US equities staged a Monday rebound from Friday’s sell-off after markets had a chance to digest the latest news about the Covid-19 Omicron variant.
The three major US stock indices rose by about 0.6% to 1.0% at the open, erasing a third of the sell-off on Friday. The Dow Jones Industrial Average then declined but remained up 0.3% 30 minutes after markets opened. The S&P 500 was up nearly 1.0% and the Nasdaq Composite was up 1.4%.
Some market participants believe the sell-off was overdone on Friday, and are preparing for investors to swoop in and buy the dip.
“While we think Omicron will just be another variant – similar to Delta and Lamba and other Greek letters – with vaccinations continuing to work, the jury is out for now,” Andrew Brenner, head of international fixed income at National Alliance Securities, said in a note to clients this morning.
“We are not virologists, but we are numbers geeks, and we think the market got ahead of themselves on Friday – and while we are not dismissing the news, we think traders overreacted,” he added.
- Treasuries: Five- and 10-year Treasuries fell by 18 and 16 basis points (bps) respectively on Friday to close at 1.16% and 1.48%. Treasury yields are increasing once again on Monday, with the five- and 10-year rates each up by 6bps to 1.22% and 1.54%, respectively.
- Oil: US oil benchmark West Texas Intermediate is trading at around $71.75 per barrel, which is 5.3% higher over Friday’s close at $68.15. The price per barrel fell by around $10 on Friday and prices are up by around $3.60 this morning.
- Gold: The price of gold is up to around $1,790 per troy ounce at the open, just slightly higher over Friday’s closing price of $1,786.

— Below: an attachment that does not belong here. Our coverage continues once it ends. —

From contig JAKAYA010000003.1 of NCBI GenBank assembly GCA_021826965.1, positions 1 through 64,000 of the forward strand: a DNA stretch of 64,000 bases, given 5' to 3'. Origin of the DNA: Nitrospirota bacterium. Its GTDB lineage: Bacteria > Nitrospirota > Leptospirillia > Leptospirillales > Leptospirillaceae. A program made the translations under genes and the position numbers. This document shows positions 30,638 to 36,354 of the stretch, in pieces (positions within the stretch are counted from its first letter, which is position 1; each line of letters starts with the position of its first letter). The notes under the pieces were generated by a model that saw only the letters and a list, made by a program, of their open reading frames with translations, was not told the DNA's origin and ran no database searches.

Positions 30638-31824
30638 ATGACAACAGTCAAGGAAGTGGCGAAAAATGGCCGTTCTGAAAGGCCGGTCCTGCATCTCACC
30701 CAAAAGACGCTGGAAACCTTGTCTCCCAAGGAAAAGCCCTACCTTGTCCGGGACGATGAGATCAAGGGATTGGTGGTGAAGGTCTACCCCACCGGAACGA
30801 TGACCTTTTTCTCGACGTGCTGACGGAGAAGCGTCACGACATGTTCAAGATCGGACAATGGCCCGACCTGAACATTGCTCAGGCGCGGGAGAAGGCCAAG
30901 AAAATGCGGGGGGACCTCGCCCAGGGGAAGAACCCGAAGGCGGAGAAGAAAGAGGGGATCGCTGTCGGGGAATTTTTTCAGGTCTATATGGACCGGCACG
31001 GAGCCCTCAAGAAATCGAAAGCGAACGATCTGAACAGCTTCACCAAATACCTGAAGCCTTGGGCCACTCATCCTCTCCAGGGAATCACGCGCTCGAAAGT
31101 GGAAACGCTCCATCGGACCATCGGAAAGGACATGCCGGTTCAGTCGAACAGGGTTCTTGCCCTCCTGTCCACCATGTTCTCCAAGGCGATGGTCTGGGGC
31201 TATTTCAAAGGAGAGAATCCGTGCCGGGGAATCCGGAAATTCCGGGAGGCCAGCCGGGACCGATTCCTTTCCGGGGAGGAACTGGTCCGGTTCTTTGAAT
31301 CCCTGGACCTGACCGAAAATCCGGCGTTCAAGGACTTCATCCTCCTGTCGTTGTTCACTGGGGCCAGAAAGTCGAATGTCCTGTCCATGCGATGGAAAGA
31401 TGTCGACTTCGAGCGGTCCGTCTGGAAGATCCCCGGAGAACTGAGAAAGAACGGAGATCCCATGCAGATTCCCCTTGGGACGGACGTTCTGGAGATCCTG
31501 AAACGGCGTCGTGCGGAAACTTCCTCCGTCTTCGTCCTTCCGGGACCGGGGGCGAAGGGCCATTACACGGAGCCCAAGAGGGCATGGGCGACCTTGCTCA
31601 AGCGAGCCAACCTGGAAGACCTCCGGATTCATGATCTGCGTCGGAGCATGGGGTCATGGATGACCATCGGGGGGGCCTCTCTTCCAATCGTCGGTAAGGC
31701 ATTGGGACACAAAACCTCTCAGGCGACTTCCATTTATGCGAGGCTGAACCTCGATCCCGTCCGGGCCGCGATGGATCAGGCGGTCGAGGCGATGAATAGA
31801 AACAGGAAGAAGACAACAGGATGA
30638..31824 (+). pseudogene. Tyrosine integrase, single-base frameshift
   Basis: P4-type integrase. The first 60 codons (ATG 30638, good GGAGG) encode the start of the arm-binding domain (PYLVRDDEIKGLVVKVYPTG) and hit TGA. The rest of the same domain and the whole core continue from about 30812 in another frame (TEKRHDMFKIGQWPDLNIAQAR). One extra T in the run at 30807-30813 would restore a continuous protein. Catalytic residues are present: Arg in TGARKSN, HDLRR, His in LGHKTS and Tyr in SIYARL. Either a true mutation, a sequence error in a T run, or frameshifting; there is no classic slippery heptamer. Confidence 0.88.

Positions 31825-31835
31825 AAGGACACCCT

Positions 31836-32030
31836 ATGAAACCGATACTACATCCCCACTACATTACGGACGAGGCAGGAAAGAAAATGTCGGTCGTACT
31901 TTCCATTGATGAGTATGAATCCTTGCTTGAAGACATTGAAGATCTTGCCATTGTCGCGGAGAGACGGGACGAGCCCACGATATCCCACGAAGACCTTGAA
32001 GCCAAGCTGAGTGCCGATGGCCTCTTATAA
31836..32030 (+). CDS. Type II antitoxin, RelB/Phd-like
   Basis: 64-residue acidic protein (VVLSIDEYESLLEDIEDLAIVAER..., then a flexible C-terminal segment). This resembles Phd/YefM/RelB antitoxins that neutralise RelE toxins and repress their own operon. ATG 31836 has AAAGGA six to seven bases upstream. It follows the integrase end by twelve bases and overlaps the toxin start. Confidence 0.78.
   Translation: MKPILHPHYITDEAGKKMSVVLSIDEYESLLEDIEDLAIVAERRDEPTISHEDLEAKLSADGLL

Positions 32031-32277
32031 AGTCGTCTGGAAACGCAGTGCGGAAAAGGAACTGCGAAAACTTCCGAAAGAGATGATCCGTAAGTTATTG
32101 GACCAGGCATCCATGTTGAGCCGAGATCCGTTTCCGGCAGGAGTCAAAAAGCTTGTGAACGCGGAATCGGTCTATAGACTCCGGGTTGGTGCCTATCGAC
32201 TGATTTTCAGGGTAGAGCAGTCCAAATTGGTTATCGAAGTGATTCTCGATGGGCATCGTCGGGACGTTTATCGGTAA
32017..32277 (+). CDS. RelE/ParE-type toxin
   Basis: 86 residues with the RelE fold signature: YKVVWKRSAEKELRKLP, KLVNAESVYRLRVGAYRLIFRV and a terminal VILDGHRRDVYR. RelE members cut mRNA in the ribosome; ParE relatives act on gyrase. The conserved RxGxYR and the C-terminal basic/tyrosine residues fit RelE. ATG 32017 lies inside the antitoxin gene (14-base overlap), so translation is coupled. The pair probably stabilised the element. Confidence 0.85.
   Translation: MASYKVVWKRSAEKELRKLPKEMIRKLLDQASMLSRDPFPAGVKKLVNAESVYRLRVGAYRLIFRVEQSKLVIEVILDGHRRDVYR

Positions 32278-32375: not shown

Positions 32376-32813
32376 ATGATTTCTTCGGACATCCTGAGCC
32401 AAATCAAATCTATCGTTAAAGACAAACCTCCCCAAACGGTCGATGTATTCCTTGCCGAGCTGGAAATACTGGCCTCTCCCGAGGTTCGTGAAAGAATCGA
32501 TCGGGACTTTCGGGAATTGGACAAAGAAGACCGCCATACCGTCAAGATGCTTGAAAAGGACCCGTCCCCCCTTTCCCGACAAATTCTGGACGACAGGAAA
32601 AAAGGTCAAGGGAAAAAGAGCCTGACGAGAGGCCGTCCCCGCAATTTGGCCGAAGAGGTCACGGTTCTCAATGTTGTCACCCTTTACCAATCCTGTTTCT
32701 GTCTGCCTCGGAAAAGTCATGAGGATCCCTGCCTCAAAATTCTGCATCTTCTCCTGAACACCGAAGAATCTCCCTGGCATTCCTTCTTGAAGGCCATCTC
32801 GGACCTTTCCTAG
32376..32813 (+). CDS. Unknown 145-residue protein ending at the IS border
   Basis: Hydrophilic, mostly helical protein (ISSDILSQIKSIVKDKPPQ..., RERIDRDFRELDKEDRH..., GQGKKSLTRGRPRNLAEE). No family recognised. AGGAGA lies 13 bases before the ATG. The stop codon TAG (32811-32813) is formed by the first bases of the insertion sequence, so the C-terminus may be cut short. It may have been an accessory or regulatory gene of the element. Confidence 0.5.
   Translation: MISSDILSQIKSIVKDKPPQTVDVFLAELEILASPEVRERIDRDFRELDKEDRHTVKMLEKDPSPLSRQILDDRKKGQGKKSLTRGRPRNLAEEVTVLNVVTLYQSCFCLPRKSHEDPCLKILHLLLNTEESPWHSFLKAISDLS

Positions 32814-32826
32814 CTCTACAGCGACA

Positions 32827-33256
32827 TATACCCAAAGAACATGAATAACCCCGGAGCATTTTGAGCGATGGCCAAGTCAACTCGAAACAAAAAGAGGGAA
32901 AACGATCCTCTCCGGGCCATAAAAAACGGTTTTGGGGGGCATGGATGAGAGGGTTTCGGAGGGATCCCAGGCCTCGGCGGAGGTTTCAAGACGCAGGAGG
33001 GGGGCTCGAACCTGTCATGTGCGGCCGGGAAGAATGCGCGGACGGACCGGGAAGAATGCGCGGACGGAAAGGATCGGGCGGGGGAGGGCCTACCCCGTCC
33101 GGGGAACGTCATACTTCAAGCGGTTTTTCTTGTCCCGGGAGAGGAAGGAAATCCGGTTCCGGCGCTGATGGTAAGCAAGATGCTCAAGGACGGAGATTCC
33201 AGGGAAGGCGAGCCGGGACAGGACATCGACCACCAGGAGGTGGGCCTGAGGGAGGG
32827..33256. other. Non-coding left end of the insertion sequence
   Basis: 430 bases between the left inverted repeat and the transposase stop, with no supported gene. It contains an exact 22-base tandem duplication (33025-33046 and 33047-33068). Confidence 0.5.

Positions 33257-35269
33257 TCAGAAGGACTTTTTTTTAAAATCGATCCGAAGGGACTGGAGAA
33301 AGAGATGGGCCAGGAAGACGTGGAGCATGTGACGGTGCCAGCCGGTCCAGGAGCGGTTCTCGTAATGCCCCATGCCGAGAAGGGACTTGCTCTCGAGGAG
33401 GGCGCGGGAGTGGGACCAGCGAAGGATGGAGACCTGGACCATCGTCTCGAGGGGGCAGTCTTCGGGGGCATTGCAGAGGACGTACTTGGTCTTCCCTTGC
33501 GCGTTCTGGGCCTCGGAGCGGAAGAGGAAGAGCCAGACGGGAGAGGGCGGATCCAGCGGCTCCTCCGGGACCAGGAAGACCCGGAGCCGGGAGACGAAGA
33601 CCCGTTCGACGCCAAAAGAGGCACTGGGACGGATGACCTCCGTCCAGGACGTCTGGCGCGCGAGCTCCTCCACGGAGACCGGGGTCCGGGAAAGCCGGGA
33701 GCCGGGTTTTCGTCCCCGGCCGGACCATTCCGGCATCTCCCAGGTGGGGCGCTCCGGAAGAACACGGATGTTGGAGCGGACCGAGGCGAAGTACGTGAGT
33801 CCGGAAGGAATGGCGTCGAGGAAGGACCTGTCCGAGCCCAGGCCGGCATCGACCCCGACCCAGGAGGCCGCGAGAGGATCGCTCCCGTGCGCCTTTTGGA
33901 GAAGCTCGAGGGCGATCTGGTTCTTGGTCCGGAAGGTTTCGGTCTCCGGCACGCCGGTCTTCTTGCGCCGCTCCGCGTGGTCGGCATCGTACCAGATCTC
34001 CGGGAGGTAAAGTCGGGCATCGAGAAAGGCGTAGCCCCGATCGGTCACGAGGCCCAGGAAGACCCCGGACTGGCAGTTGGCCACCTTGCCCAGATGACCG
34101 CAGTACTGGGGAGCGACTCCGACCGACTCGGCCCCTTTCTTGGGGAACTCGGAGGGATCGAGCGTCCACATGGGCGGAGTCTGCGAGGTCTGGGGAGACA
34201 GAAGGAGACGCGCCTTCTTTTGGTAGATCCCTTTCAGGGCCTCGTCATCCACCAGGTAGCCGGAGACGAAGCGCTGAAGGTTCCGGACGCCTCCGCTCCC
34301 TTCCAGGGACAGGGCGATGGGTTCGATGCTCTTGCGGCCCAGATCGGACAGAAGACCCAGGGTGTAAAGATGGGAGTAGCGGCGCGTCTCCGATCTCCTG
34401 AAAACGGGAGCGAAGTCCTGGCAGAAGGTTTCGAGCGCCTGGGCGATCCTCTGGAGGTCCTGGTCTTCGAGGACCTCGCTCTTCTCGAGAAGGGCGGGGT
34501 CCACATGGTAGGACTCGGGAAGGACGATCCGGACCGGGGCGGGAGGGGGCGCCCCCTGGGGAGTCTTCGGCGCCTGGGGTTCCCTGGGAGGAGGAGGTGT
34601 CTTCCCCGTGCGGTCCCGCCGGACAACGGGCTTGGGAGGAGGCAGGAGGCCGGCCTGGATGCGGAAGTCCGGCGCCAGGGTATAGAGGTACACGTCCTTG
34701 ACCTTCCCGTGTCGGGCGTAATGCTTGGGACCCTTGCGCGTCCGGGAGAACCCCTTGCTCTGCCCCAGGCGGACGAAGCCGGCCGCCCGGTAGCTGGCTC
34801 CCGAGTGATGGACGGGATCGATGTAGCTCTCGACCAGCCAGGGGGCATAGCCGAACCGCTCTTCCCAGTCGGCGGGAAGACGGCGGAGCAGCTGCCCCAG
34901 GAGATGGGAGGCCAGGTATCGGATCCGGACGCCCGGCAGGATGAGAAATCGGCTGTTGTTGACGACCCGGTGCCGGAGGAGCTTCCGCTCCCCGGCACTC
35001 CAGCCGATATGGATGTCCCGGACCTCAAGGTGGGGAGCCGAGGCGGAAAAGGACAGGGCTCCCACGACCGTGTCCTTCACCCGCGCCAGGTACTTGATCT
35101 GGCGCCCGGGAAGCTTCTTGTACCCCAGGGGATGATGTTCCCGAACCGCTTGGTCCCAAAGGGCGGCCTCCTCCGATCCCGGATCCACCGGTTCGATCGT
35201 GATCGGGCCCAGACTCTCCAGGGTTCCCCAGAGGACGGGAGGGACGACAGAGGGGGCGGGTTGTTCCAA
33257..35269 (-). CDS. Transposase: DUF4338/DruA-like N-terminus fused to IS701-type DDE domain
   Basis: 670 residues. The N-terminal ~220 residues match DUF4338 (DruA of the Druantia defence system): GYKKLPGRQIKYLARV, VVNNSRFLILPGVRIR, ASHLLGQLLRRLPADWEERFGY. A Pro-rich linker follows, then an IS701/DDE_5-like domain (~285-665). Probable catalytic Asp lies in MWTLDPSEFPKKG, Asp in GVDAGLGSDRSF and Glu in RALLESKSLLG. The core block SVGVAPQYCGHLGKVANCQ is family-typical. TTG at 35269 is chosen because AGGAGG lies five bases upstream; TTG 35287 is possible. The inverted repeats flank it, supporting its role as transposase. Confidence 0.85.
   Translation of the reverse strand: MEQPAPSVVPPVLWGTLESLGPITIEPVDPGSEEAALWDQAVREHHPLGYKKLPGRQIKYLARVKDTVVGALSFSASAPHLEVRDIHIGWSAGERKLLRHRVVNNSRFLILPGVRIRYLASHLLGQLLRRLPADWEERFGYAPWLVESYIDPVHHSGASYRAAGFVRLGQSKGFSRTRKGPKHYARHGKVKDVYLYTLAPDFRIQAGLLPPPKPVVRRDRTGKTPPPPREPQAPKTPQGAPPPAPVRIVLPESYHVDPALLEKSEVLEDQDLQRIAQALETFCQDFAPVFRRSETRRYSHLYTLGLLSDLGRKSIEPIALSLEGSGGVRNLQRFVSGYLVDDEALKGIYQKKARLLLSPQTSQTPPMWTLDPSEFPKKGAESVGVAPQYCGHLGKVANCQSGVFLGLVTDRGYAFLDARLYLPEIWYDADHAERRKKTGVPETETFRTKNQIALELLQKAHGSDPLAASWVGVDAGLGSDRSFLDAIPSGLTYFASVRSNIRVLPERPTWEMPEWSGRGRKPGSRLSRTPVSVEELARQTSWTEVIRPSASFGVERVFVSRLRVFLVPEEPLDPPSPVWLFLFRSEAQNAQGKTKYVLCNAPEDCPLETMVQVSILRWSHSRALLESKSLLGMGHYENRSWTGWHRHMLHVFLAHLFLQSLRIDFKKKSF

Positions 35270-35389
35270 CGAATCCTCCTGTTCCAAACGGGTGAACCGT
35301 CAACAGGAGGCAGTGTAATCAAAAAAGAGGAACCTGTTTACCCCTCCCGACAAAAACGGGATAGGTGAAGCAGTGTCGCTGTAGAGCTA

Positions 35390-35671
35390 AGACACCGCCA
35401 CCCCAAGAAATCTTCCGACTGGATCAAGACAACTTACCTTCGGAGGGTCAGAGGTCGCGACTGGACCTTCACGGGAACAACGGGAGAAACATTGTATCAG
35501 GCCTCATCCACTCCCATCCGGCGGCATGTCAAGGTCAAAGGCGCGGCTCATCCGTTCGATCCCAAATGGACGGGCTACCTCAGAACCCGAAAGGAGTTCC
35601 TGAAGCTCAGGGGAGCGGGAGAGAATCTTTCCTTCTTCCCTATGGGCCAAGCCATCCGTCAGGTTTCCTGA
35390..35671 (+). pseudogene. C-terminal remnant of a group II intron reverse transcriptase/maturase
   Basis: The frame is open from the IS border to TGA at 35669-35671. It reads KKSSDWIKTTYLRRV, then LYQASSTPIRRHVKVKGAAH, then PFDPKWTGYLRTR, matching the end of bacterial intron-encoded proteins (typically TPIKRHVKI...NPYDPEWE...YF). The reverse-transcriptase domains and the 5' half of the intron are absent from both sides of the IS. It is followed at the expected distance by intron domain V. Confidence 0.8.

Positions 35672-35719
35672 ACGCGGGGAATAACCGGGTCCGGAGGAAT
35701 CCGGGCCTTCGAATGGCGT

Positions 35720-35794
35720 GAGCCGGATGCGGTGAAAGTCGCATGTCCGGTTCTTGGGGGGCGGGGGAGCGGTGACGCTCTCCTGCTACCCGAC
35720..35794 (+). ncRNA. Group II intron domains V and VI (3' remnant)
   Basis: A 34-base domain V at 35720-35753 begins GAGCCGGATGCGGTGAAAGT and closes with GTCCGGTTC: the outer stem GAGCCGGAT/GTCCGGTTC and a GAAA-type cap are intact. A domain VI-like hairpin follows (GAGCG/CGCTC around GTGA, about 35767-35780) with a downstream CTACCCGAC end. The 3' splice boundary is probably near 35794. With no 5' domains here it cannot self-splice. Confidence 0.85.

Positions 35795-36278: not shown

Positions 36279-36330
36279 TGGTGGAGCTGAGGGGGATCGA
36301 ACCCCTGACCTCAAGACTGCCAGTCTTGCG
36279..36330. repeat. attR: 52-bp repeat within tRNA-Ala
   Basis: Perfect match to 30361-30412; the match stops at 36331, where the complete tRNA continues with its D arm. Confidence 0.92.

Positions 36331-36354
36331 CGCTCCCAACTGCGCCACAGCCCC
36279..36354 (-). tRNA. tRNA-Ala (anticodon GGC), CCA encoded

What scientists know about Omicron
The reason for concern over Omicron is due to the high number of mutations in the variant, specifically the 32 mutations on the spike protein, which is the part of the virus that allows it to enter human cells, according to a report from Deutsche Bank sent to Capital.com.
The virus became the most dominant variant in South Africa in just two weeks, suggesting that it spreads faster than the Delta variant, Deutsche analysts noted.
However, reports from South Africa so far suggest symptoms are mild, and are characterised more by aches and fatigue than the loss of taste and smell associated with Covid-19.
Vaccines and the variant
It is still too early to say what this means for vaccine effectiveness, but Pfizer BioNTech said it expects data on vaccine effectiveness within two weeks.
Previous variants have made vaccines less effective. Delta dropped the effectiveness of the Pfizer vaccine to 88% from 93%, according to study from Public Health England. Likewise, the Delta variant dropped the effectiveness of AstaZeneca vaccine to 60% from 66%.
“Even if the virus does evade the current vaccines, these can be altered,” Deutsche Bank wrote over the weekend. “Pfizer has said it could make a variant vaccine in 100 days, so this is unlikely to send us back to square one.”
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